Japan panel discusses PM speech for anniversary of WWII end

2015-02-25 17:02
Shinzo Abe. (File: AFP)

Shinzo Abe. (File: AFP)

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Tokyo - A panel of experts appointed by Japan's prime minister met for the first time on Wednesday to discuss what he should say in a statement marking the 70th anniversary of the end of World War II, fuelling speculation that he may water down previous government apologies for the country's wartime past.

Japan issued a landmark apology on the 50th anniversary in 1995 under then-Prime Minister Tomiichi Murayama, for the first time acknowledging its colonisation and aggression in parts of Asia before and during the war. In 2005, then-Prime Minister Junichiro Koizumi also apologised.

Current Prime Minister Shinzo Abe appointed a 16-member panel — 10 academics, three business leaders, two journalists and an international aid worker — to seek advice on what to say in a statement he plans to make on the 15 August anniversary of the war's end.

Abe, who took office in late 2012, initially signalled his intention to revise the 1995 Murayama statement, triggering criticism from China and South Korea. He now says his Cabinet stands by the 1995 apology, but that he wants to issue a more forward-looking statement on the anniversary, raising suspicion that he will somehow water down the apology.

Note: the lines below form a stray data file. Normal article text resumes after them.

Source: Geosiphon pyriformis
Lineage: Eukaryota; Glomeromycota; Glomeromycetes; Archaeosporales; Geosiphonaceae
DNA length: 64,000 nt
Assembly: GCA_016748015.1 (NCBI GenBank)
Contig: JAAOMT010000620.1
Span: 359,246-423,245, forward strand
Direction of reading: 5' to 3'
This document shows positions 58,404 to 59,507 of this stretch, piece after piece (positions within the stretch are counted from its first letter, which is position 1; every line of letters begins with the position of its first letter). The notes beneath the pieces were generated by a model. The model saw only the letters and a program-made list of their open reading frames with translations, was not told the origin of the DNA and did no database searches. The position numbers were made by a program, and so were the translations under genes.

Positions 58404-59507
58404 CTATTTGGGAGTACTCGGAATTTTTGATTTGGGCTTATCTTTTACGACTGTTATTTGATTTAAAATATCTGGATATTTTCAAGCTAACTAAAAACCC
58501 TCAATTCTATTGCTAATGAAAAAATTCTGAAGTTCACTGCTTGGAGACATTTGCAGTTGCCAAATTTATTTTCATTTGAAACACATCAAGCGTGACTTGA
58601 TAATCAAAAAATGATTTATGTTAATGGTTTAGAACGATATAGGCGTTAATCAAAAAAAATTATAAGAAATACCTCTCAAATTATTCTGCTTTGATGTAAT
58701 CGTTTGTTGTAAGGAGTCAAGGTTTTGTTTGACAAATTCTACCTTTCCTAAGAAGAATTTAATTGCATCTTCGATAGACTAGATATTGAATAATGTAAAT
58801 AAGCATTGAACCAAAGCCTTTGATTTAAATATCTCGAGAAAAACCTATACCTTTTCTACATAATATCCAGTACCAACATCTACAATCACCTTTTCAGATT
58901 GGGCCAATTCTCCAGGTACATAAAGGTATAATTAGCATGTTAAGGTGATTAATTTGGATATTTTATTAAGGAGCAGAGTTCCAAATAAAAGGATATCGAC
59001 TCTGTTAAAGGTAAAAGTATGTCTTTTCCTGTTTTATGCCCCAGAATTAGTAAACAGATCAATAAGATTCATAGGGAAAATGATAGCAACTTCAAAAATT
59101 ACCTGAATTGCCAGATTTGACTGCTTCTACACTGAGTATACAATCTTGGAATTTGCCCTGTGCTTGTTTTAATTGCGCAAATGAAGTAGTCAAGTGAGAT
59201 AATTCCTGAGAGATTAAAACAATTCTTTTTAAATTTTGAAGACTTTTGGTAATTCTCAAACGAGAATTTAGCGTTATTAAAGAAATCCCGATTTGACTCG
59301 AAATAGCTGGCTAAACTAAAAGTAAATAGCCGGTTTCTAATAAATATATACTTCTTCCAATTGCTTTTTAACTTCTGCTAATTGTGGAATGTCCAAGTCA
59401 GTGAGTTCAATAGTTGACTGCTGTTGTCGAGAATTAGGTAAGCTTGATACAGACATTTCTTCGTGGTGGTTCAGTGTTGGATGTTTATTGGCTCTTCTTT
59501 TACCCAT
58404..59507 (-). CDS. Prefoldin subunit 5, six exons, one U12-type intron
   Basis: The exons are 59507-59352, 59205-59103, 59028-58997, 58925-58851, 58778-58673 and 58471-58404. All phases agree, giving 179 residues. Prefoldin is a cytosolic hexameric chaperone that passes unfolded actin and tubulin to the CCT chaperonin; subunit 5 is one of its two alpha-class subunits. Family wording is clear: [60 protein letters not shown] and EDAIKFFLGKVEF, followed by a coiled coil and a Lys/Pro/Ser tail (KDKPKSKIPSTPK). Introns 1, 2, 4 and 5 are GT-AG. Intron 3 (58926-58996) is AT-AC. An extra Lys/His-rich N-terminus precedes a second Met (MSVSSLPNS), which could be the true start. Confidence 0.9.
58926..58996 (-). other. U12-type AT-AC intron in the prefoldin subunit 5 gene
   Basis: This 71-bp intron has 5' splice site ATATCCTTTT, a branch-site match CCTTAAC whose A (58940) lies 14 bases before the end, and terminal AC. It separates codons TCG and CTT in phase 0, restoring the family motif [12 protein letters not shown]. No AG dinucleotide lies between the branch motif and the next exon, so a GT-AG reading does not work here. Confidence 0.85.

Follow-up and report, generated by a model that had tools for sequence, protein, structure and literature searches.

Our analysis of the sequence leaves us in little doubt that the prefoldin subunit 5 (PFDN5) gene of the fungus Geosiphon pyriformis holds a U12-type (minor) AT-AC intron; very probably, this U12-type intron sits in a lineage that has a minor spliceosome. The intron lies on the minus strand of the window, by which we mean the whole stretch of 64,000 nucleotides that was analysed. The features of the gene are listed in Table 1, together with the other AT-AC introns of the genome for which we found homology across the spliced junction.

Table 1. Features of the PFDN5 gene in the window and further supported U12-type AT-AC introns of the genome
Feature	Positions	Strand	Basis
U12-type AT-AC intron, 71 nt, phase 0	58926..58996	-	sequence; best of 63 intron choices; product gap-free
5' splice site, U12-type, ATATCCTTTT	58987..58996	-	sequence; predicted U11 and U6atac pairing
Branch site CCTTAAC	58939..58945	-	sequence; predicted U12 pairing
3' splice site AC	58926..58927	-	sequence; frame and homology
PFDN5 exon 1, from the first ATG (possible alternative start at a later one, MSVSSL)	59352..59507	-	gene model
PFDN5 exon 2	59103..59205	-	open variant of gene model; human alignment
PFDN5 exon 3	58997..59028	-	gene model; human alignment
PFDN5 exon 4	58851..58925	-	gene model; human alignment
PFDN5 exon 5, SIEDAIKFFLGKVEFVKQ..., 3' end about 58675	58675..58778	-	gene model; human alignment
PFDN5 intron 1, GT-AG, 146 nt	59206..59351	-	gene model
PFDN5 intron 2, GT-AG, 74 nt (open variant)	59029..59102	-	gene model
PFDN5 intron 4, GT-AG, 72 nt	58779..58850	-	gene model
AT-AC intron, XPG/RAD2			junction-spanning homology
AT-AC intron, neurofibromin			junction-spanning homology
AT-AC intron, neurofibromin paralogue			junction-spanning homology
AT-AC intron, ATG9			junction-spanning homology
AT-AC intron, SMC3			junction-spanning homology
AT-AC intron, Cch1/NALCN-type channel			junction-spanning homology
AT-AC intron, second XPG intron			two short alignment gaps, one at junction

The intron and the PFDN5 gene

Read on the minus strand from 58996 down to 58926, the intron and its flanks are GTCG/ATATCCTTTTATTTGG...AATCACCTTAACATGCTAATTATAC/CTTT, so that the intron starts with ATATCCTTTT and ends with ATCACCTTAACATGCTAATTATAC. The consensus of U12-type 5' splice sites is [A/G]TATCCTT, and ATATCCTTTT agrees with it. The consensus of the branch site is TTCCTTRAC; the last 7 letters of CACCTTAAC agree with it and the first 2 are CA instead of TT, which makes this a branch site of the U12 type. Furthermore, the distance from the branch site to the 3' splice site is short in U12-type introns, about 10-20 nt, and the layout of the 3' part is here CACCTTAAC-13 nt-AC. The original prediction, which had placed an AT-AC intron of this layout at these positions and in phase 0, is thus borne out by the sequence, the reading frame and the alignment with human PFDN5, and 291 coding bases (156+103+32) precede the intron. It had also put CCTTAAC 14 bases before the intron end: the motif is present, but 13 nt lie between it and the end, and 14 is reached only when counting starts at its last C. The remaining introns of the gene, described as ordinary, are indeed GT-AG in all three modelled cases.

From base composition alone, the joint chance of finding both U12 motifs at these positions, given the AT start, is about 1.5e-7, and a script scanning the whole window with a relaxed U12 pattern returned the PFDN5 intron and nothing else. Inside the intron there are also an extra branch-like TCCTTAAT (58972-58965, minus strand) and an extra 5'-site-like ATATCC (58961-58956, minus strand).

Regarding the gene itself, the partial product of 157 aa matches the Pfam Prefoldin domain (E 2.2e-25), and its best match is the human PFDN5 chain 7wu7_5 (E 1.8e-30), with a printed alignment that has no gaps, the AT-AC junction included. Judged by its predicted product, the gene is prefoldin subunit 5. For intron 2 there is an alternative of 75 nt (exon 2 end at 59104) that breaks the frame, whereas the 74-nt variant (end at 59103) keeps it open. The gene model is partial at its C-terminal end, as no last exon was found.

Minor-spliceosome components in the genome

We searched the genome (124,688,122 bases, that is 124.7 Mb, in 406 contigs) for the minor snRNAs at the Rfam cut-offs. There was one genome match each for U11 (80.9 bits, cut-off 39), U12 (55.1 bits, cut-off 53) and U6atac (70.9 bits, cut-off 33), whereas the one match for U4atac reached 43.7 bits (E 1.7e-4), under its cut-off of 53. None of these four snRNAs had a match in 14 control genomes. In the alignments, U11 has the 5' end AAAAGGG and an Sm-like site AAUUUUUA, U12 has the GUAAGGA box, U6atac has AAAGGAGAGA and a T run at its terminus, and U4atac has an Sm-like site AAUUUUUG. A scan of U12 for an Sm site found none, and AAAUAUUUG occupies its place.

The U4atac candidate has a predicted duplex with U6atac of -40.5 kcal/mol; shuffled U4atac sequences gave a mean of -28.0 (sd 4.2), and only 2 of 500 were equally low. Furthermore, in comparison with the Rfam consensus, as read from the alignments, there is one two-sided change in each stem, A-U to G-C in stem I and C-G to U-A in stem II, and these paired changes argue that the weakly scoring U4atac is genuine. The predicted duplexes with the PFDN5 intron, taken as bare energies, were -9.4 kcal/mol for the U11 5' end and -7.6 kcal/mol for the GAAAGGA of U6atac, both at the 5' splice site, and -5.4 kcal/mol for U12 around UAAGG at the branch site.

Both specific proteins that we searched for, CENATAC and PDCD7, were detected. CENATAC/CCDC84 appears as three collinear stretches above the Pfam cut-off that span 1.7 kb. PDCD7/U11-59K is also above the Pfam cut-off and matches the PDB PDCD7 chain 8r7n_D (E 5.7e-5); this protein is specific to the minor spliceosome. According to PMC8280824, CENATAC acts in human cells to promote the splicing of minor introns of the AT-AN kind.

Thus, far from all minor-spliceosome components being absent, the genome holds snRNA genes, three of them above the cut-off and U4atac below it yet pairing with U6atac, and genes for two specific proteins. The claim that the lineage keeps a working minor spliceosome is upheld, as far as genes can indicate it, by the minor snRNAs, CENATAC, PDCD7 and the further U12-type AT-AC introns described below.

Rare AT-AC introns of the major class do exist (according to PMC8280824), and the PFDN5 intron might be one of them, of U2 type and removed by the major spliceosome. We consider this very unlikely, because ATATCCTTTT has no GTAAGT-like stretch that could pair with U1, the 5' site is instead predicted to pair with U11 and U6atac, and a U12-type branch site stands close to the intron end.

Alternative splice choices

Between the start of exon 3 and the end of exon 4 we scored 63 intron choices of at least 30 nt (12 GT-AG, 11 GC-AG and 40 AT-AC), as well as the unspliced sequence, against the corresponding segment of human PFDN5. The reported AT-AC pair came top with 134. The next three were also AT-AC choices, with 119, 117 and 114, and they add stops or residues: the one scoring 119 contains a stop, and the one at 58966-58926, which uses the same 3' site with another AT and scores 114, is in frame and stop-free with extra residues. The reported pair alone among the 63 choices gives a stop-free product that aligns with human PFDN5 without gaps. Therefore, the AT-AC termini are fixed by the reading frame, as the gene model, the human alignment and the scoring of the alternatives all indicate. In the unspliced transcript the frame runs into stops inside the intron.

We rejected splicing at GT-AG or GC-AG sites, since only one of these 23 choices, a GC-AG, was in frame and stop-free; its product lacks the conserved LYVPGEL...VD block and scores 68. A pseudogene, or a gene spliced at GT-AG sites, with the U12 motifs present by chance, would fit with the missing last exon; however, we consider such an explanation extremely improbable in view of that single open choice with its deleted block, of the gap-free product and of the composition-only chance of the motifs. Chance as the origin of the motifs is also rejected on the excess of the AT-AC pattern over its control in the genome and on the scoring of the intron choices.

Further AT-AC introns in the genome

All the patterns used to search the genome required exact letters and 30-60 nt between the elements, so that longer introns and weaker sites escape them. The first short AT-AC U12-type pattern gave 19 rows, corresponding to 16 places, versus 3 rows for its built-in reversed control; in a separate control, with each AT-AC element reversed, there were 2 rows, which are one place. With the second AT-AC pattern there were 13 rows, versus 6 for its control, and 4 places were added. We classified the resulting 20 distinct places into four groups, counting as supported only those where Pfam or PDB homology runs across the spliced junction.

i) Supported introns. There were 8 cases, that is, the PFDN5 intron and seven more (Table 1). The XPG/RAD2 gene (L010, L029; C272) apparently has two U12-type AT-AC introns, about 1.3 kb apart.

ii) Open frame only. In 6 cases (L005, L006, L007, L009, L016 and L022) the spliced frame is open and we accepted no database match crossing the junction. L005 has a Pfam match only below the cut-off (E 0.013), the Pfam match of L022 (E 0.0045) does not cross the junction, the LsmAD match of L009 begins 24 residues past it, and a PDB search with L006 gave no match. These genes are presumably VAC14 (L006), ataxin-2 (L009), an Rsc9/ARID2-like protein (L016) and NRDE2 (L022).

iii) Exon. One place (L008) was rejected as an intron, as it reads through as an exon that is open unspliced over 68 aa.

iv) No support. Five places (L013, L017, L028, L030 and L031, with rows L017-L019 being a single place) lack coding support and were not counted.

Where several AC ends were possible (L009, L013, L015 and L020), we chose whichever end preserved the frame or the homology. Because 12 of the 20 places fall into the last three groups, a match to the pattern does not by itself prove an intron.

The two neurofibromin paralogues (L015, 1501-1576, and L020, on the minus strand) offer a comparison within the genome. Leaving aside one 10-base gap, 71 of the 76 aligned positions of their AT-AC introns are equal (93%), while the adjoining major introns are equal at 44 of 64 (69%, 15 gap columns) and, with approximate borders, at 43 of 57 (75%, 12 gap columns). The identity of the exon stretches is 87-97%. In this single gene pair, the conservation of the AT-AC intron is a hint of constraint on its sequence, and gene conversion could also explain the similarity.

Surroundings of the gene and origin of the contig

About one-third of the panel members are regulars on Abe's policy advisory committees, though they exclude his associates with the most extreme right-wing views. The appointment of centrist Asia experts Takashi Shiraishi and Shin Kawashima and a journalist from the liberal-leaning Mainichi newspaper give the panel some balance.

China and South Korea have sent warnings on the statement. Chinese Foreign Minister Wang Yi, speaking at a UN public debate, warned against attempts to "whitewash past crimes of aggression". In Seoul, South Korea's Foreign Ministry said Abe's statement should not backpedal from past apologies.

The debate over the statement reflects a simmering divide in Japan, 70 years after the war.

On one side are those who say the accounts of Japan's wartime atrocities are falsified or exaggerated, and that it's time to restore pride among Japanese in their country. On the other are liberal defenders of Japan's Constitution, who don't want the country to forget its colonisation of Korea and invasion of China and Southeast Asia, and the disaster they spawned.

Read more on:    un  |  shinzo abe  |  japan  |  world war ii

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